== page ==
About Us

The Essex County Wine Society was founded in 1972 and incorporated in 1973 as a non-profit organization. The purpose of the society "includes the education and instruction of its members in the wines and vineyards of the world" (Star Ledger). Membership is limited to 80 individuals and a requirement for continued membership is participation in one-half of the tastings and dinners each year.

In recent years tastings have been held monthly from October through April and wine-themed dinners have been held in September and May (Calendar). The society maintains a wine cellar to supply properly aged wine for the dinners.

The Society's interest has generally centered in Europe, primarily France. In the past 15 years we have had a little over forty tastings of Bordeaux and Burgundy, usually of a current good vintage and sometimes of one particular estate in several vintages. Italian wines were tasted ten times and Rhone wines and California cabernets were tasted a little less than ten times each. Realizing that excellent wines are made world-wide, we have also given tastings of wine from Spain, Australia, Germany, South America, and in the US, wines of Washington State, Oregon, and non-cabernet wines of California.

Our tastings are usually led by a member of the Society who elects to research the wines to be presented. Occasionally we have had outside speakers. The wines are purchased for each tasting and are paid for by the members and guests.

Those who would like to join the society are placed on a waiting/guest list for one year and are voted into membership after this time if they show interest by attending a majority of the scheduled tastings and dinners during this period of time.

The society does not demand any specific knowledge or sophistication concerning wine but only a desire to learn about wine.

Tastings are usually held in Montclair, N.J. Further information may be obtained by contacting us.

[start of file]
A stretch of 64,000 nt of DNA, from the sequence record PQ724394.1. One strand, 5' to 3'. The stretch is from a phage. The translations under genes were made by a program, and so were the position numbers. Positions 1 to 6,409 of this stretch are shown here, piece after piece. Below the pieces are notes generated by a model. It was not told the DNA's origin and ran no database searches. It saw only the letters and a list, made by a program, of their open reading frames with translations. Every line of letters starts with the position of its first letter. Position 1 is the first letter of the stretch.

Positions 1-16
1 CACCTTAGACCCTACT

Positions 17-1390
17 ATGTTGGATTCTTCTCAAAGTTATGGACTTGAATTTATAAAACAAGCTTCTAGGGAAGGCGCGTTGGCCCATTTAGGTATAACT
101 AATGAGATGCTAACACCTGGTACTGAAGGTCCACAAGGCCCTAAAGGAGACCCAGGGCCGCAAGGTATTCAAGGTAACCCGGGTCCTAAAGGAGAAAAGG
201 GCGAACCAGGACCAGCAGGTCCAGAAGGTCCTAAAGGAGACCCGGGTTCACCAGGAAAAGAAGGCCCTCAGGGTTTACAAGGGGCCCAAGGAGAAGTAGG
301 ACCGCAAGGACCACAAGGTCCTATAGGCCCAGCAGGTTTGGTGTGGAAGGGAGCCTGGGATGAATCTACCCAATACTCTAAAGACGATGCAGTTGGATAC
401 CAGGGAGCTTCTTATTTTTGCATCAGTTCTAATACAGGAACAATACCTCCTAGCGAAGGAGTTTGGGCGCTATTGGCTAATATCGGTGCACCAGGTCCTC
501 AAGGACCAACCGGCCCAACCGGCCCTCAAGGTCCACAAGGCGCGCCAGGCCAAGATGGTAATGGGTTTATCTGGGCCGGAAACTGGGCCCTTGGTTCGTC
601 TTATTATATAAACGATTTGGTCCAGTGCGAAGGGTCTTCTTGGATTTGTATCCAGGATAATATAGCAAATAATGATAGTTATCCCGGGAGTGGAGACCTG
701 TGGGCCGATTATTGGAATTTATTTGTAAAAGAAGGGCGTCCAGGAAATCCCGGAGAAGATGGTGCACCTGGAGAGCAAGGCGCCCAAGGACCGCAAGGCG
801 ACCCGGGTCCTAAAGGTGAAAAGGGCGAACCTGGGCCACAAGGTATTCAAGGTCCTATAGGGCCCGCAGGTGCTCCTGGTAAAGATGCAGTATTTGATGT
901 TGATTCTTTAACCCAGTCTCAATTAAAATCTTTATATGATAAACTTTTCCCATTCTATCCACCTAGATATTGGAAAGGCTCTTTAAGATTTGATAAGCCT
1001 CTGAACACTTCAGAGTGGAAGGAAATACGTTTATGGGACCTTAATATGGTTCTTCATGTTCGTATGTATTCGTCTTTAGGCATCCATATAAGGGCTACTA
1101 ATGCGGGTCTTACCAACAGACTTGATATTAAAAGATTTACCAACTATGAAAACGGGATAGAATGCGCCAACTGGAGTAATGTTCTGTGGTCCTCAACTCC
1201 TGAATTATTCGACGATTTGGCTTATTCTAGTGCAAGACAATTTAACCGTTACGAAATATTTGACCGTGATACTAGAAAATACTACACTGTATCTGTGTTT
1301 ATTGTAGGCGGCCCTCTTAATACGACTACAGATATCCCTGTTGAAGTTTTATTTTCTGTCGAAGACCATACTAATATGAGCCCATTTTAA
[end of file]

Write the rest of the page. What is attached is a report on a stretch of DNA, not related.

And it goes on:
How the Society Got Started


Fourteen (14) vinophiles responded to this ad in the July, 1972 issue of (the now-defunct) VINTAGE Magazine. Eighteen (18) of us - old friends, Rae and Jack Cohen, who had encouraged me to place the ad were the additional two - met on October 19, 1972 at the TOWN & CAMPUS in West Orange. Marcene and Irv Tarlow, Susan and Dick Murray, Ann and Jules Terry, the Cohens, Steve Mills, Herman Sebiri, and Laurie and I (to name but twelve) tasted some '64 and '66 Bordeaux and started to structure the society. As they say, "The rest is history".

Our first dinner was held on May 26, 1973 at the (also now-defunct) Continental Plaza, Hackensack, N.J. By this time we had grown to about forty members. [Out of our attempts to but old wines for this dinner grew the idea of acquiring a Society Wine Cellar.] The evening was a huge success; as we emptied the bottles we stood them on the floor against the walls - soon they were ringing the room to the amazement of the restaurant staff. The most memorable item from that evening was the '66 Romanee St. Vivant (DRC) which Herman Sebiri acquired for us for all of $150.00 per case. I can still taste it! From the start we were fortunate in attracting a congenial group. We inaugurated our season-closing July "Beaujolais Picnic" where everyone chipped in with food, making their grounds available (the 1st two at our house), and we tasted the latest Beaujolais; we had informal Chinese, Moroccan, Greek, French, and Italian dinners; and Champagne and similar brunches featuring Rae Cohen's cuisine. To my mind, the singular event which fostered camaraderie of the group was our three day weekend bus trip to the Finger Lake wine region on June 7-9, 1974. Suzanne and Gene Terry organized a never-to-be-forgotten round of vineyard visits and tastings, hotel stays, lunches and dinners and culminating with our visit with the legendary and late Dr. Konstantin Frank. Happily, Jack Cohen made a fine film record (titles, music and all). I'm sure he'll show it, on popular demand. [Many have suggested that it is time for another such trip. To Napa/Sonoma?]

Now after twenty years I believe that the Society has and will continue to accomplish the intent of its charter members: to instruct and disseminate knowledge of the world of wine in all its facets. All of us - present and past members - have acquired our wine knowledge through the Society (spelled, the collaborative efforts of its members); we continue to do so. As a by-product the Society has been the catalyst for the formation of many life-long personal friendships. May the ever be true!

HERBERT NEW (10/2/92)